For many college students, March is synonymous with Madness -- as in the NCAA basketball tournament.
But for some, it's about Matchness -- as in March Matchness, the Campus Kitchens Project's annual fundraising event. For 20 days, students from 16 schools will take to social media, flashmob, and reaching out to alumni and parents to raise enough funds to compete in their own March tournament and in turn, earn enough money to keep their Kitchen in business for six to 12 months.
March Matchness is just one example of how the Campus Kitchens Project is forging a new kind of philanthropy.
Now in its eleventh year, the Campus Kitchens Project operates on 31 campuses. Kitchens use their schools' kitchen space -- which sit unused during off-peak hours -- to prepare meals for their neighbors in need. Since 2001, CKP has engaged more than 45,000 student volunteers in recovering more than two million pounds of donated food and delivering more than one million meals to their communities.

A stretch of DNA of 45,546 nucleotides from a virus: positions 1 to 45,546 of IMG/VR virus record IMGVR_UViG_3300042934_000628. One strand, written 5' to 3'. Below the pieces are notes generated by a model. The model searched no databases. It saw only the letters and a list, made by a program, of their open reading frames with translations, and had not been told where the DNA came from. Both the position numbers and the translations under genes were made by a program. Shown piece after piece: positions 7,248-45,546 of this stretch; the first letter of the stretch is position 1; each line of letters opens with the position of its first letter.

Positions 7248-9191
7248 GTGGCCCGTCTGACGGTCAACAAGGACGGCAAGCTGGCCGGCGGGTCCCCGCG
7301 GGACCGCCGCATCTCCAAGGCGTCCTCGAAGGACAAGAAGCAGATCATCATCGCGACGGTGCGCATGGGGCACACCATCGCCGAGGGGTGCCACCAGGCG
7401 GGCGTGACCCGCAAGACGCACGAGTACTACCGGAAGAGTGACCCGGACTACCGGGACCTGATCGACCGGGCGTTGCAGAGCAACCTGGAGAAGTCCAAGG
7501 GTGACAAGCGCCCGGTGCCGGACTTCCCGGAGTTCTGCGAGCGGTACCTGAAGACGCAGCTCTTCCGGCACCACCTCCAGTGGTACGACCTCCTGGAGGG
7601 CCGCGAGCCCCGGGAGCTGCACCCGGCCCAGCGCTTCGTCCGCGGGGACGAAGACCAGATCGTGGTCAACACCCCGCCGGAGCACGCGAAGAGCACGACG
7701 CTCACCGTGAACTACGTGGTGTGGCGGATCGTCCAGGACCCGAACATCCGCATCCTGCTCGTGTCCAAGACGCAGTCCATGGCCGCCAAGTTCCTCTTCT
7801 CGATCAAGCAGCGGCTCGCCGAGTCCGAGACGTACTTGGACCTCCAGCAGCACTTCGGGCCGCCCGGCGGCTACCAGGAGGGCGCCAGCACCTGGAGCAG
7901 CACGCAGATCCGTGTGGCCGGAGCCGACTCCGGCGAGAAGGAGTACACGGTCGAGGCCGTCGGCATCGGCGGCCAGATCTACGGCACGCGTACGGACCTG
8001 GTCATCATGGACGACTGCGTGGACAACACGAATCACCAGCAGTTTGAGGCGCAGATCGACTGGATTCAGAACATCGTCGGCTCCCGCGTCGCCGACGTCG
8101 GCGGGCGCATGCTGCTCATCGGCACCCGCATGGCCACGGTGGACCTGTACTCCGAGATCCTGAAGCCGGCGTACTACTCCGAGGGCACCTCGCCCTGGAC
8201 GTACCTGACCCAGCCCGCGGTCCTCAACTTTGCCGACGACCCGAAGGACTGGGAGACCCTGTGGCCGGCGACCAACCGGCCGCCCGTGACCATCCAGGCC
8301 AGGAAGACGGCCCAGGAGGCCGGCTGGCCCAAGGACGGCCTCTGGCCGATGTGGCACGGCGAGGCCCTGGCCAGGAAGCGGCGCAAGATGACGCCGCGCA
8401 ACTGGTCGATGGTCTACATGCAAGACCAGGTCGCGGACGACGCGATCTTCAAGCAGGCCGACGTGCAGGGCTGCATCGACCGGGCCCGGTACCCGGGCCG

What makes this even more impressive is that the Kitchens are 100 percent student run, from meal planning to preparation and delivery. Student volunteers look at the ingredients available to them, and they come up with their own recipe for creating a positive impact in their communities.
In addition to meals, Kitchens tend gardens, collaborate with community leaders, develop farmer's markets and provide nutrition education for kids of all ages.
Not only are these students making a difference in their communities, but they are also learning valuable and practical leadership and management skills that they will take with them when they graduate.
The young women and men who run the Campus Kitchens will not receive trophies or have brackets predicting their efforts but, like their counterparts on the court, they are an inspiration to a nation that needs them.
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